Many skills are needed to advance a community-based partnership approach to research, including partnership development, governance, participatory decision-making, facilitation, change management, and evaluation. Each of these requires a strong understanding of concepts and extensive experience to practice well. Availability of these kinds of skills has implications for how a project is designed, managed, staffed and funded. Many research teams would not have the skills required to navigate these competency areas. Additional support will often be required and may need to come from private consultants or individuals with relevant experience who work for partner organizations or in other research areas. Contracting and managing additional resources and personnel external to the research setting is a further challenge.

Researchers and those encouraging community-based partnership approaches to research need to acknowledge time as a challenge. Given that most researchers and community partners do not have experience with these approaches, significant time must be invested at the beginning of projects to get everyone on the same page about terminology, expectations, success criteria, governance, participatory processes and more. As illustrated by the IMPACT research program, the importance of this foundational work cannot be overstated. Without intentional work to set and commit to these standards and establish a common operating framework, aspirations to take a community-based partnership approach can quickly fade leading to reversion to traditional research approaches that are more in line with simple consulting and advisory approaches. The need for the Guide became apparent early in the establishment of the research program; but it was too late to influence the LIPs as fully as it might have and was not used optimally across all sites. Recognizing this, the authors of this paper obtained a Scale and Spread grant from the Canadian Institutes of Health Research to develop a comprehensive Handbook which builds on our experiences and will serve as a guide for others who are committed to engaging with community to generate contextually-relevant primary health care improvement [12].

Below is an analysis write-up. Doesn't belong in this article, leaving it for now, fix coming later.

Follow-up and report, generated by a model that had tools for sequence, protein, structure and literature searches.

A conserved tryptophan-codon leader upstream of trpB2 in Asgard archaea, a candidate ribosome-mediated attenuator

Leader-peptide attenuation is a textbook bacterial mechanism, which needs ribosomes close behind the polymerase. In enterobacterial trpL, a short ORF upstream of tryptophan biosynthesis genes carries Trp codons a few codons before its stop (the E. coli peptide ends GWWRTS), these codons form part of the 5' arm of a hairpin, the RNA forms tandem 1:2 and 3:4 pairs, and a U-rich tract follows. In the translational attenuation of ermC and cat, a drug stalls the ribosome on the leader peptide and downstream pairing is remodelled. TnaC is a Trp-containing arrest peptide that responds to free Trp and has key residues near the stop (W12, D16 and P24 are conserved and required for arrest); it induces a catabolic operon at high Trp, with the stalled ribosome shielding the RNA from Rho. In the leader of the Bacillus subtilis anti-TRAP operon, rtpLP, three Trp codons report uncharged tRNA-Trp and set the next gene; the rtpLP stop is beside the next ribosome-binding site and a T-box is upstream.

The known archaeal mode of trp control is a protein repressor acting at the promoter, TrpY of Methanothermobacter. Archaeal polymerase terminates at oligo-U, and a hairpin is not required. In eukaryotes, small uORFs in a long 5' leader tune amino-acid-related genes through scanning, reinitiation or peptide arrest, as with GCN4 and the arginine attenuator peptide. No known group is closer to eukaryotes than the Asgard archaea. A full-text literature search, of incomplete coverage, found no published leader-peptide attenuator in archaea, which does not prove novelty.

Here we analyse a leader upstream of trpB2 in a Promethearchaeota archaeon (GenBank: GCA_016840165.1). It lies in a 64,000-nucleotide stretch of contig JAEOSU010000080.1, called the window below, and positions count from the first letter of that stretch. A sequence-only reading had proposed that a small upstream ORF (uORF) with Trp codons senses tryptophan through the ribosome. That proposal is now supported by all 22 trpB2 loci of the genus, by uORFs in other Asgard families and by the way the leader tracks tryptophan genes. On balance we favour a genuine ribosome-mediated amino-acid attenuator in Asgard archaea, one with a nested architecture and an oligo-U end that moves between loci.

Even with intentional timely up-front work, regular reinforcement, monitoring and ongoing capacity building is required to ensure adherence to the approach. The many partner check-ins required to stay on course can feel awkward and time-consuming to those unfamiliar with working in this way, and sometimes even to those who are familiar with working in this way. It takes great diligence to operate in a participatory way over an extended period and to ensure that all stakeholders feel valued and have true co-ownership over the project.

One of the biggest factors influencing how the community-based partnership approach was implemented in the IMPACT project was the attitude and skills required to be responsive to community needs and ideas in a way that recognizes the potential value of different experiences and kinds of knowledge. Researchers cannot put aside their commitment to using evidence and rigorous methodological design; however, clear and frequent discussions about the scope of influence for all partners are needed. For IMPACT, the scope for the roles of researcher and non-researcher partnerships to consider issues of access to PHC was different to the scope for influencing how the research was designed and implemented. In a researcher-driven partnership approach, it takes time to process input fully and generate new creative solutions that are then communicated in a way that provides a clear rationale demonstrating how partners’ views were considered and decisions made. Stronger, and early, articulation of goals, roles, and responsibilities across the IMPACT team and within each LIP may have helped. Some of the questions researchers should consider (and described in more detail in the Collaboration for Spread Handbook) include:

  • What is the purpose of engaging with non-researchers? Is it to support a research project through providing advice or is it more than that (e.g., making budgetary decisions)?